People with HIV (PWH) face an elevated risk for developing cardiovascular disease (CVD). Nevertheless, how HIV infection leads to CVD—and the influence exerted by associated factors such as chronic inflammation and antiretroviral therapy—is not fully understood.
In previous research of women enrolled in the Women's Interagency HIV Study (WIHS), Qibin Qi, Ph.D., and colleagues identified several gut bacteria and microbial metabolites associated with carotid artery atherosclerosis, an indicator of risk for CVD. The National Institutes of Health has now awarded Dr. Qi, Robert Burk, M.D., and Jorge Kizer, M.D., a four-year, $2.9 million grant to continue their research into the roles played by gut bacteria, HIV infection and multiple HIV-associated factors in causing CVD. Since the gut microbiota and related metabolic molecules can be influenced by interventions such as probiotics consumption, the research may lead to novel strategies for preventing CVD from developing in PWH.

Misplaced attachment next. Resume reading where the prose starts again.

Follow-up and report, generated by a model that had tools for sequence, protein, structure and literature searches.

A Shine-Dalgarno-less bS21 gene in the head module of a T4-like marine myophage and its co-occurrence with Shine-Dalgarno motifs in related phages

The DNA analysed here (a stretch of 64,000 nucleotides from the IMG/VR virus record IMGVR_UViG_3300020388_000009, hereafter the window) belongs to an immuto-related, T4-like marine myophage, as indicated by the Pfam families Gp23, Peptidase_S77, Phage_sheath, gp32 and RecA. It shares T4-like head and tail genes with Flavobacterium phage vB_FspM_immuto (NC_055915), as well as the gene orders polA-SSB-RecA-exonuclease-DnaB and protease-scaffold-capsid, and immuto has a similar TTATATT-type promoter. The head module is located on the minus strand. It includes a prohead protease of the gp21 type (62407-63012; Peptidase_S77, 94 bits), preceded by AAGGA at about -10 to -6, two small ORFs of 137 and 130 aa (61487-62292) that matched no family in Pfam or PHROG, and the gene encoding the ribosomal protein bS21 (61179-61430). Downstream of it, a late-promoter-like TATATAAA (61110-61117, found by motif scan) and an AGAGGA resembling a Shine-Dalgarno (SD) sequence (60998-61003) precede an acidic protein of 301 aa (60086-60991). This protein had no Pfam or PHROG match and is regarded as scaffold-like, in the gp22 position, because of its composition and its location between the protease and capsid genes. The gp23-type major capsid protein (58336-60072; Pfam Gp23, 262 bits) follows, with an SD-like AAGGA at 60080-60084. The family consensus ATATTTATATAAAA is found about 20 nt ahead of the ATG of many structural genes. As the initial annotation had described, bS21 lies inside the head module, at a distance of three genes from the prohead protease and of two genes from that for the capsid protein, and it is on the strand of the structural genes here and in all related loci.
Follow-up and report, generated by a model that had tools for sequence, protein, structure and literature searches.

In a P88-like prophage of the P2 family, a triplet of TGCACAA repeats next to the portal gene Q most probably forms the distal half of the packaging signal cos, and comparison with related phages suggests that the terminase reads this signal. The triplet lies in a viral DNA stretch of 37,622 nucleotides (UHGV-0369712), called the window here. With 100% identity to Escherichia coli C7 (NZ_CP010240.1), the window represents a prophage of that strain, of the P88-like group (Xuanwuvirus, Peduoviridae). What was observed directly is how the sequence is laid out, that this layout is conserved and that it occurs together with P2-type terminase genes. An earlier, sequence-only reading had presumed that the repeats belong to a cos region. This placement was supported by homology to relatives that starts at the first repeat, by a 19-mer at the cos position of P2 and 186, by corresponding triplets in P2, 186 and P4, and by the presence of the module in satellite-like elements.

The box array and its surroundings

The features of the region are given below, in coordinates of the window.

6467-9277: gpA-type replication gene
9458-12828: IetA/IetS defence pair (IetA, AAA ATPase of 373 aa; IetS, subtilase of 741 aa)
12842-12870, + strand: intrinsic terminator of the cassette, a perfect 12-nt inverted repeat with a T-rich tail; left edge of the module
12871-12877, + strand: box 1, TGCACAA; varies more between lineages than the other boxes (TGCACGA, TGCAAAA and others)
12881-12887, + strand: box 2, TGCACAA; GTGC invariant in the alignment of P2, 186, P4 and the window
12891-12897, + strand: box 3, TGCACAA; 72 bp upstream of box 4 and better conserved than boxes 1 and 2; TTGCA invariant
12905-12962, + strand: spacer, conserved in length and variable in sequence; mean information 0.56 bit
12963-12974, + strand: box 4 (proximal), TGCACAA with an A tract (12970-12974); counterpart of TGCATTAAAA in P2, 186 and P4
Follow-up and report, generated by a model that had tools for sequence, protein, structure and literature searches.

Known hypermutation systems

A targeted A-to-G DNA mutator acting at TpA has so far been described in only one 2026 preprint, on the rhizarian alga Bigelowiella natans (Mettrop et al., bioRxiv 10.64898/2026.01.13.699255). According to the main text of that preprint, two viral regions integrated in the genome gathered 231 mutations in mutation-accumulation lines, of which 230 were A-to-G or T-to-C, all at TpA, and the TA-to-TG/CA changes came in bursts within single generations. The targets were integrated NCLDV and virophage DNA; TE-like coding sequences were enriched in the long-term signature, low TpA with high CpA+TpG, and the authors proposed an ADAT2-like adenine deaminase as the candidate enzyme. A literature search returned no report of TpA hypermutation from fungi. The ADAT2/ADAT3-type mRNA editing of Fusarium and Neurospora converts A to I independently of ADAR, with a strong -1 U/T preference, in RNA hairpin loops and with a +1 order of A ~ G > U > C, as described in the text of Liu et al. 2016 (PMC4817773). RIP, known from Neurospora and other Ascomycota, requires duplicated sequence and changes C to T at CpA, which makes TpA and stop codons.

Dr. Qi is an associate professor of epidemiology & population health and associate director of epidemiology & population health center for population cohorts at Einstein. Dr. Burk is professor of pediatrics, of microbiology & immunology, of epidemiology & population health, and of obstetrics & gynecology and women’s health at Einstein and is also a member of the National Cancer Institute-designated Montefiore Einstein Comprehensive Cancer Center (MECCC). Dr. Kizer is an adjunct clinical associate professor of epidemiology & population health and director of clinical cardiovascular research at Einstein and is a professor at the University of California San Francisco. (1R01HL170904)
Posted on: Tuesday, October 03, 2023